Join six experts for a moderated discussion on racial disparities in myeloma. Research suggests there may be genetic factors that help explain why racial disparities in myeloma incidence exist. The panel will discuss medical research projects, bioinformatics studies, clinical trials, and why fairness and equity must be high priorities to address and fix disparities, which may be keys to discovering cures for all myeloma patients.
Myeloma survivor, patient advocate, wife, mom of 6. Believer that patients can help accelerate a cure by weighing in and participating in clinical research. Founder of Myeloma Crowd by HealthTree and the HealthTree Foundation.
Greg Brozeit has been engaged in myeloma patient advocacy since 1998. He began working with the Myeloma Crowd in 2015. Prior to that, he consulted with Dr. Bart Barlogie at the University of Arkansas after working with the International Myeloma Foundation for 15 years, where he inaugurated the public policy advocacy program, patient support group outreach and IMF Europe, organizing more than 100 physician and patient education programs. He earned his BA in political science from Loyola University in New Orleans and lives in northeast Ohio.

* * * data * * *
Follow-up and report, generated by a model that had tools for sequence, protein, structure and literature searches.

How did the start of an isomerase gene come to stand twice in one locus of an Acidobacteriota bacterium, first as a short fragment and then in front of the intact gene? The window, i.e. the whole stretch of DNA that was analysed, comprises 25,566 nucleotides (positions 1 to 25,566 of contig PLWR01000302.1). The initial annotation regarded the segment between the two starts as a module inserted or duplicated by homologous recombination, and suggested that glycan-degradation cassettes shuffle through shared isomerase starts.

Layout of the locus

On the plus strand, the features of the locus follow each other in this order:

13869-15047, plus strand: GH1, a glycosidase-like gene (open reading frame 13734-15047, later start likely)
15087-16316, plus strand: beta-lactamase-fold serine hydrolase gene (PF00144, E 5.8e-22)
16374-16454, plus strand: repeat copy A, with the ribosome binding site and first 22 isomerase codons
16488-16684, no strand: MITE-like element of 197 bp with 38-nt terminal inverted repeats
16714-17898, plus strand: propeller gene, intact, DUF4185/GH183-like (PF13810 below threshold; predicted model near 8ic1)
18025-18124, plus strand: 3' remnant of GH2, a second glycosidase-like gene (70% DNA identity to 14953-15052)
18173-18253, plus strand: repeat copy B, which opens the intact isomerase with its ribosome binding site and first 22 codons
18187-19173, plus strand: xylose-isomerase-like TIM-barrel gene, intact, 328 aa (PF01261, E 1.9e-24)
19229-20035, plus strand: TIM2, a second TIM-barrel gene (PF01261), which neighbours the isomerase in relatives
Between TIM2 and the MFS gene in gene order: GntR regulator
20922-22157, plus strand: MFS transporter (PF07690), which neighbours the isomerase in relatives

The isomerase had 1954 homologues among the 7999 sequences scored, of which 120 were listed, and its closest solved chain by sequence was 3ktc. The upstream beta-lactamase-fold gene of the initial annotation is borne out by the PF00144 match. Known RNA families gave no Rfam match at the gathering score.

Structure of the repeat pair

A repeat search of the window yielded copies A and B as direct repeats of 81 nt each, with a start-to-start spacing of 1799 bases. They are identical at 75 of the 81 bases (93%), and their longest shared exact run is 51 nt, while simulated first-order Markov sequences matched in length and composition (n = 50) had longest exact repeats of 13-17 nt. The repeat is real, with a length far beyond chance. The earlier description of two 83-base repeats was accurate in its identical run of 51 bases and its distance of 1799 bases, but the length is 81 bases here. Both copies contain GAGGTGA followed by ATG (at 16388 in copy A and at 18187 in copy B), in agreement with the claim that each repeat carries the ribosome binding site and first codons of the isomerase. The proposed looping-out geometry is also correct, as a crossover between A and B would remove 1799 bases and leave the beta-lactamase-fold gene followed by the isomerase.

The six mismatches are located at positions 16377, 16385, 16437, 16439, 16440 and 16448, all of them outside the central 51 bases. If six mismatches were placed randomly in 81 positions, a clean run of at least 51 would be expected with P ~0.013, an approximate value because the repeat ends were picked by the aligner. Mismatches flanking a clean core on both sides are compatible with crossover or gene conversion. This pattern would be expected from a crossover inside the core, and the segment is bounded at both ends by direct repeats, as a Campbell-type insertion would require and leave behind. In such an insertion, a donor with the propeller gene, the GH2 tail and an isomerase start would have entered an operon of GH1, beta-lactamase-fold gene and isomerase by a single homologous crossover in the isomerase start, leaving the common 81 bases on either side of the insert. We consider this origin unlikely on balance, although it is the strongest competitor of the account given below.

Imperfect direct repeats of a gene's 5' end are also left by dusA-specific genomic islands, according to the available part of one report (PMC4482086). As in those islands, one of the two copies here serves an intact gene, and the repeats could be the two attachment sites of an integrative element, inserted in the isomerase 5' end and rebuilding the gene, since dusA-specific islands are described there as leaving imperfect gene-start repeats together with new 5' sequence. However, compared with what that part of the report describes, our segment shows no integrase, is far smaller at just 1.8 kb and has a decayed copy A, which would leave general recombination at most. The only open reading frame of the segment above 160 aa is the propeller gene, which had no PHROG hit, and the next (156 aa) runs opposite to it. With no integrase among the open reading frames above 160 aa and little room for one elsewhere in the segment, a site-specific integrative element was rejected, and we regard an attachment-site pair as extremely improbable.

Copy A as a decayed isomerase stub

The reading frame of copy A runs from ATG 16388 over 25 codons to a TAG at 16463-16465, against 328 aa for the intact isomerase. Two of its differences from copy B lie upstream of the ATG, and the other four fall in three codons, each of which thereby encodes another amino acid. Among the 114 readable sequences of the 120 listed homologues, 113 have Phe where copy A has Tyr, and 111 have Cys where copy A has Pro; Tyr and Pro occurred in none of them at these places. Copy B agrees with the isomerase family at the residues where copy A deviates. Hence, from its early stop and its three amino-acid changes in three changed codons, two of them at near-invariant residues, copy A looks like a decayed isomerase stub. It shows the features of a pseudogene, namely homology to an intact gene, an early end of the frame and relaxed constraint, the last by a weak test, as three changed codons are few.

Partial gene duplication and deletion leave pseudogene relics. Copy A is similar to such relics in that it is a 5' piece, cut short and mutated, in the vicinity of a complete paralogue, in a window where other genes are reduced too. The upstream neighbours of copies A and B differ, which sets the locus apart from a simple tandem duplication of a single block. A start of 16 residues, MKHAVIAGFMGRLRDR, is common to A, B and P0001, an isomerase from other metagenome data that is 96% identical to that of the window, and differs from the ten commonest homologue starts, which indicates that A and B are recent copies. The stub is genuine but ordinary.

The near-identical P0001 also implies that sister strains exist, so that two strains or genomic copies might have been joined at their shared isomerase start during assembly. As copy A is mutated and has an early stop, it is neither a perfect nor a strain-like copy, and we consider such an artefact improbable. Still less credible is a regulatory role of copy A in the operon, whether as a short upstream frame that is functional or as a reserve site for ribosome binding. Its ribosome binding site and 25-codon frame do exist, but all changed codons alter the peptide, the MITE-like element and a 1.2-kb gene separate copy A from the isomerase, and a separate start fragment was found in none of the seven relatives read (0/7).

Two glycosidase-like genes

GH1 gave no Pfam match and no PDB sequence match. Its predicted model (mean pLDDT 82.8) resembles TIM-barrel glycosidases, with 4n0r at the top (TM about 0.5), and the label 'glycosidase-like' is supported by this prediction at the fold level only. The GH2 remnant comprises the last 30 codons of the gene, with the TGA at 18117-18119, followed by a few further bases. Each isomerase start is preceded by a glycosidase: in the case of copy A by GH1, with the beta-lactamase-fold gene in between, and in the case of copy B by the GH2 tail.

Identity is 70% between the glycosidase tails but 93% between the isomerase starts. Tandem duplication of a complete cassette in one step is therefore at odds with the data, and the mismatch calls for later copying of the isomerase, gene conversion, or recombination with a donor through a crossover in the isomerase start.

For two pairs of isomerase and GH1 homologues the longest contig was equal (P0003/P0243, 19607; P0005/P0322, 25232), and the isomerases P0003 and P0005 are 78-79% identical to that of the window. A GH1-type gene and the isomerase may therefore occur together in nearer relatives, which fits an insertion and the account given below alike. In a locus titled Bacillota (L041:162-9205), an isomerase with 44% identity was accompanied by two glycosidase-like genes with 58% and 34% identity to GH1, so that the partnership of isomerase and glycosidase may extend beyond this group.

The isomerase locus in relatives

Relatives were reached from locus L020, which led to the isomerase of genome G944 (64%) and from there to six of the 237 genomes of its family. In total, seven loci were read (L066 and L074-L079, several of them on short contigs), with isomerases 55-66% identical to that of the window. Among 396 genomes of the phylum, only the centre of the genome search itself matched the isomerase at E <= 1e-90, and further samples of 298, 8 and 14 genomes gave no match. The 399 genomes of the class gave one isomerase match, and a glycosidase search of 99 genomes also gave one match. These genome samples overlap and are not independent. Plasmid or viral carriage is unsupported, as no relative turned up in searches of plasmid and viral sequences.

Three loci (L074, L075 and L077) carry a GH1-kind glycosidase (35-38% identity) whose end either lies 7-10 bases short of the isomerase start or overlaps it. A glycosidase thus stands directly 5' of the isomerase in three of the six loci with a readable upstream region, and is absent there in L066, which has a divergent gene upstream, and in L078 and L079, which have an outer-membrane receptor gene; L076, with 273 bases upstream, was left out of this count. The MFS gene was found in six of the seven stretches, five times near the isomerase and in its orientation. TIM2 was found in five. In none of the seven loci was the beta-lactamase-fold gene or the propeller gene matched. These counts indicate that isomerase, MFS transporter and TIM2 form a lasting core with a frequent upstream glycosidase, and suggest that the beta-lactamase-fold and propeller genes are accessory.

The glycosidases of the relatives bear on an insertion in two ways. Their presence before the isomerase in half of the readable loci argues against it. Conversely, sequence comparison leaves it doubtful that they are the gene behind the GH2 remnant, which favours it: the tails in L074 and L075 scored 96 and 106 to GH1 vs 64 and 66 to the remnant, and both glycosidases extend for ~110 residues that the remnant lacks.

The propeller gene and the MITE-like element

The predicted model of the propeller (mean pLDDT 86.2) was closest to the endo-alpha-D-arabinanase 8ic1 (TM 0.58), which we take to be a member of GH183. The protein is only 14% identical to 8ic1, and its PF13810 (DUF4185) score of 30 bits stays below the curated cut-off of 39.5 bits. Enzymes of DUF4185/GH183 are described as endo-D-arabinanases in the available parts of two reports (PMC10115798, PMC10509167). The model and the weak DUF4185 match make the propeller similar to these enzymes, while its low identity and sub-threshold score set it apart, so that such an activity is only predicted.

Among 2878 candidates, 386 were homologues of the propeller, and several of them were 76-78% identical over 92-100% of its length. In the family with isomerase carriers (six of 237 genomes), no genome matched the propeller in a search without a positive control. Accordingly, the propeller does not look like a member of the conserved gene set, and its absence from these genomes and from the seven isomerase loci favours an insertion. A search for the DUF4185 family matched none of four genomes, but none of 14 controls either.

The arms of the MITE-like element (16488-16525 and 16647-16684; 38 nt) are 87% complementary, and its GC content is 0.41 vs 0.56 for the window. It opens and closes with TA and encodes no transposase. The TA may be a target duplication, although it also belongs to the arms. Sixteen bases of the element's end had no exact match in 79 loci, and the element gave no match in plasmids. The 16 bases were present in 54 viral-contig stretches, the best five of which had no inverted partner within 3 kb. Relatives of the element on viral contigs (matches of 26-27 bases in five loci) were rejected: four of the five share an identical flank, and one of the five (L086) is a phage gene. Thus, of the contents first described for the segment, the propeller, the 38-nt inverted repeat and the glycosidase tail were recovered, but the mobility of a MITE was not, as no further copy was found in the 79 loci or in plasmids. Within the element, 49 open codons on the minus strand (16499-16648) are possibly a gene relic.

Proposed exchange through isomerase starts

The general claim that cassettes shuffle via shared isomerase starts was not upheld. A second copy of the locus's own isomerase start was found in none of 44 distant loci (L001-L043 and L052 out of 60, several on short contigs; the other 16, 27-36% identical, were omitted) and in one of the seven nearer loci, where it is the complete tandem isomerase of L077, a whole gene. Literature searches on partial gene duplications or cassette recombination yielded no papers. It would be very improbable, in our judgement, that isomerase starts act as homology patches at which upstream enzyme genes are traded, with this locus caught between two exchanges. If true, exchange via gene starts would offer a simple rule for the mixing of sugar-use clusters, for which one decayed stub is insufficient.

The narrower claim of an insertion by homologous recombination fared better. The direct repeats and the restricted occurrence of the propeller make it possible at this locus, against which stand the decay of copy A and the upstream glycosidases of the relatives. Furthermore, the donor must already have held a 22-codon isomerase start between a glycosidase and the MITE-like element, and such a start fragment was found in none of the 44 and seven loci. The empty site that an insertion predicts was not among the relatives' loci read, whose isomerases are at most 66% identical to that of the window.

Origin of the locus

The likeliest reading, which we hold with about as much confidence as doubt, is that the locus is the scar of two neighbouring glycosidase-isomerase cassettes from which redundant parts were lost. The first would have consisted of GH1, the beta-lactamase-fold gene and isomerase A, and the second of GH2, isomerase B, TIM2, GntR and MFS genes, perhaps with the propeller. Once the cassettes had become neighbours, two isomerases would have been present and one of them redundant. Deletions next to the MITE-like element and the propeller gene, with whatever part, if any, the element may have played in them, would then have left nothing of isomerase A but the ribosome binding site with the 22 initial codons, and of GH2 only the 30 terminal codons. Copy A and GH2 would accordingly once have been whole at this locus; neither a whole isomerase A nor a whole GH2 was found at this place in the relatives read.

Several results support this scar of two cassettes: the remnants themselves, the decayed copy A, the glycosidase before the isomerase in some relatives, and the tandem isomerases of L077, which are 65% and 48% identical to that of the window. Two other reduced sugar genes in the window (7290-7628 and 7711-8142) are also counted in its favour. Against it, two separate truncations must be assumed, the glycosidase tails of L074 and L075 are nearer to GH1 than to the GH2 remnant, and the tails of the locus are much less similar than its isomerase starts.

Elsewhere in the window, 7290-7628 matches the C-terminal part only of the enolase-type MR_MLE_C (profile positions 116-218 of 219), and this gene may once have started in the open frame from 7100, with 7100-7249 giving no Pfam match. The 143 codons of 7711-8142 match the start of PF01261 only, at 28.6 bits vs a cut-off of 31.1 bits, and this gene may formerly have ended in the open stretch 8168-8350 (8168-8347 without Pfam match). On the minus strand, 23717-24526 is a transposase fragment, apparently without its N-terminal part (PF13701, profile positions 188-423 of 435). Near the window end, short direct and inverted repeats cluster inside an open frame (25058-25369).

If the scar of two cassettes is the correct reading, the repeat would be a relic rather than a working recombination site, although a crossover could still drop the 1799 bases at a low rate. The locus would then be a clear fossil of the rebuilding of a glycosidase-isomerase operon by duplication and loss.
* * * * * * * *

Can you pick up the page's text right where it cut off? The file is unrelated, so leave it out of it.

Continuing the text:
Brandon Blue, MD, is an assistant professor at the Moffitt Cancer Center in Tampa, FL. His clinical interests include treatment of plasma cell disorders and evaluation of patients pre and post bone marrow transplant. His research interests include reducing health disparities and improving health outcomes for plasma cell dyscrasias. Dr. Blue recently completed a Blood and Marrow Transplant and Cellular Immunotherapy Fellowship at Moffitt Cancer Center. He completed an Internal Medicine Residency in the Department of Medicine at Washington University School of Medicine, St. Louis, MO, and a Hematology/Oncology Fellowship in the Department of Medicine at Saint Louis University School of Medicine. He earned his MD at Meharry Medical College, Nashville, TN.